The Great Spiritual Migration
Brian McLaren's ambitious analysis documenting three major shifts taking place in the Christian faith
The Great Spiritual Migration
How the World's Largest Religion Is Seeking a Better Way to Be Christian
By Brian D McLaren
Hodder & Stoughton
Reviewed by John Rackley
Brian McLaren is an intriguing person. He is an Evangelical Christian. He has written more than 25 books. He dedicates this present one to such as Greenbelt and Oasis. He is a leader in Convergence.
This is a self-proclaiming multi-denominational movement of progressive congregations and leaders. With favourable reviews from such as Richard Rohr, Joan Chittister and Diana Butler Bass, he offers three propositions. He believes that among Christians and people of other faiths there are three migrations:
there is a spiritual migration from reliance on a system of beliefs to developing a way of life
there is a theological migration from belief in a violent God of domination to a non-violent God of liberation
there is a missional migration from organised religion to organising religion.
He backs this up with much reference to his previous books and quotations from people as various as Pope Francis, Thich Nhah Hanh, Gustavo Guittierrez and Richard Rohr (many!).
There a number of significant chapters:
God. He considers the consequences of our understanding of God and what think of salvation, church and mission. He concludes: For the first time in history, God, the exclusive god who is god of us but not them, threatens our survival.
Bible. He exhorts the reader to consider what style of reading of Scripture they are following and the consequences for humanity. He is writing on a vast scale.
Social Movement Theory. An important chapter for anyone who is wondering how an institution like the Baptist Union or their local church could move from institutional entrenchment to movement adventure.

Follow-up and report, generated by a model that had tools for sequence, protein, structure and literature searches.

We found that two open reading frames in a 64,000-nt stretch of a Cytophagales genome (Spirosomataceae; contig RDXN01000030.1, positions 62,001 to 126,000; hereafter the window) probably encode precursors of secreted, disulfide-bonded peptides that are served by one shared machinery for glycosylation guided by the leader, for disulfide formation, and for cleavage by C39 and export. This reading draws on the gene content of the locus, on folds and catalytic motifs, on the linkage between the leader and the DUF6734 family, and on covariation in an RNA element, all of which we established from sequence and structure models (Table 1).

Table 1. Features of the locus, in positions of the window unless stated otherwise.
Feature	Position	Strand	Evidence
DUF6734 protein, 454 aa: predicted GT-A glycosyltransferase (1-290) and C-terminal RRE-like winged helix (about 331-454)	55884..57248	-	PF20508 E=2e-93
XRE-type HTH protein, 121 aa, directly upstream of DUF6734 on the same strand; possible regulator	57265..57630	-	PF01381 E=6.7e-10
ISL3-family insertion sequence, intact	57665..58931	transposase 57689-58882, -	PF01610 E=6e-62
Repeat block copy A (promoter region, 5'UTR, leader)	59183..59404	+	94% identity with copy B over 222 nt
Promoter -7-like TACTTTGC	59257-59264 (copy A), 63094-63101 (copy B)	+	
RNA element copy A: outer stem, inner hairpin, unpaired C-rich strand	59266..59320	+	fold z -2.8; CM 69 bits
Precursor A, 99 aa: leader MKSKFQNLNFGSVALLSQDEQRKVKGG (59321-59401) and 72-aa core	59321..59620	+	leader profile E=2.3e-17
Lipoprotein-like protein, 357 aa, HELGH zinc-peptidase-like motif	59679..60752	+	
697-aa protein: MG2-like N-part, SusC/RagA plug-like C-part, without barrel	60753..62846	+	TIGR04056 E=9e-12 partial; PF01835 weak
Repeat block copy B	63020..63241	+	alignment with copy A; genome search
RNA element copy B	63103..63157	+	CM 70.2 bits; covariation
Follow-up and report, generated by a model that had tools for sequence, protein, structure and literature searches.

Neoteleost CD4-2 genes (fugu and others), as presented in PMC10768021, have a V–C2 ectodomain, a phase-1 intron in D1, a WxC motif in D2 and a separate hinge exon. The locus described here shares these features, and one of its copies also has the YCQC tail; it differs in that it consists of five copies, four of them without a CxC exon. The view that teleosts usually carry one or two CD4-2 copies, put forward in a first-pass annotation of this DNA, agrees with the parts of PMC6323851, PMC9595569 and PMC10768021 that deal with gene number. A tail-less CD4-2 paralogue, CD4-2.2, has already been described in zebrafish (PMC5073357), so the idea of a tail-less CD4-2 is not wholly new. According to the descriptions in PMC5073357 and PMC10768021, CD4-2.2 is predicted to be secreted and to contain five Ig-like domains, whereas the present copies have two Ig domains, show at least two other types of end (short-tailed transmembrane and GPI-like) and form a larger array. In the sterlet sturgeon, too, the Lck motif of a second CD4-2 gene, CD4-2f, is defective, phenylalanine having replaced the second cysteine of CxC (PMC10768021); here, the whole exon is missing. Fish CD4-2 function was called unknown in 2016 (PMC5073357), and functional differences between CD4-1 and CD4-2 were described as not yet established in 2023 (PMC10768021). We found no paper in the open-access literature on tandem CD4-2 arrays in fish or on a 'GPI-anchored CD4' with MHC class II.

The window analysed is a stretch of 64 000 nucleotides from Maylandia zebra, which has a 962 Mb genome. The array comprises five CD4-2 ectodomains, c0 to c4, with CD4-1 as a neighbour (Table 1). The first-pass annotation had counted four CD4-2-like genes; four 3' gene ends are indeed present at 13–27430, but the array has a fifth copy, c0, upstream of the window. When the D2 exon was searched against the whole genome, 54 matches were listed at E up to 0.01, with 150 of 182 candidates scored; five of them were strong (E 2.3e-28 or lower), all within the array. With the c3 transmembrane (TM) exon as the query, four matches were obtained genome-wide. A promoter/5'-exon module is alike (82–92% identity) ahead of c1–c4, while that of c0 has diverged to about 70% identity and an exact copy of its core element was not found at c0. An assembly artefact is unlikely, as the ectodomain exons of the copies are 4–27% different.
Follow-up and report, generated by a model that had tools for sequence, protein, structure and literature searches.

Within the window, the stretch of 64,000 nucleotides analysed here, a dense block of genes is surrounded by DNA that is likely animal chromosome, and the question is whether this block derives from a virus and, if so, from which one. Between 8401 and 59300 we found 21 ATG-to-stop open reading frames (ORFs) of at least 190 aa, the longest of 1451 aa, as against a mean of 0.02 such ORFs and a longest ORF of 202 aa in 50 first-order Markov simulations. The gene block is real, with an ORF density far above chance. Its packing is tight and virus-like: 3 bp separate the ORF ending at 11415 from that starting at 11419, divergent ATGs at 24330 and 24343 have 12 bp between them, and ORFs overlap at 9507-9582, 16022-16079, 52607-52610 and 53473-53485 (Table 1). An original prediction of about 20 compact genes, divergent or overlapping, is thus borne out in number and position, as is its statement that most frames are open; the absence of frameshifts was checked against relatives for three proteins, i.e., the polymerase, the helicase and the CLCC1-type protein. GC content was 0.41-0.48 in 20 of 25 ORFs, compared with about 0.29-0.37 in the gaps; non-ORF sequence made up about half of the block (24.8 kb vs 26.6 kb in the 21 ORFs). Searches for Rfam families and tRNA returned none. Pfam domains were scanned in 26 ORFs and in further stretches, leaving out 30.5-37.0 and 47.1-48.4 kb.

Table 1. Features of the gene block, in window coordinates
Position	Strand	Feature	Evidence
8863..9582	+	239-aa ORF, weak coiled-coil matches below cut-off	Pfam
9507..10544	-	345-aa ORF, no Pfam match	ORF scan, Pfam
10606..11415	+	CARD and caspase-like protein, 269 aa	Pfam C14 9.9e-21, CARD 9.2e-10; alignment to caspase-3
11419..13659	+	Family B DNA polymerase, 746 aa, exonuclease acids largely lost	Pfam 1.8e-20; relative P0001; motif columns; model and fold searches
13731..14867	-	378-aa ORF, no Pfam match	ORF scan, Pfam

The book concludes with a reflection on the relationship of belief to believing; a Charter on Just and Generous Christianity and the human characteristics that would support such a Charter.
This is a demanding book to read; not because it is difficult but it is intense. He packs a lot in. He loves the clever sentence and is passionate. But I am left wondering who would read this.
Clearly it is meant for the USA Evangelical market. It is for people who are leaving the church spiritually. They may still go but they have left the church in all but attendance. He is assuming that still have the willingness to listen to an alternative way of being Christian.
He appeals to them to not give up but form new Christian communities of just and generous Christianity. This will mean training new leaders who are not prepared to be maintain the status quo in their denomination. This will mean existing denominations shedding their pre-conceived, long-term devotion to the convictions of the past.
Yet there is something lacking. Richard Rohr and the others are all good – but what I missed was the voice of the man riding the 7.35am tube to Baker Street or the woman delivering her child to mother for a day’s child-care.
What are they saying?
Who is speaking for them?
John Rackley is a non-stipendiary Baptist minister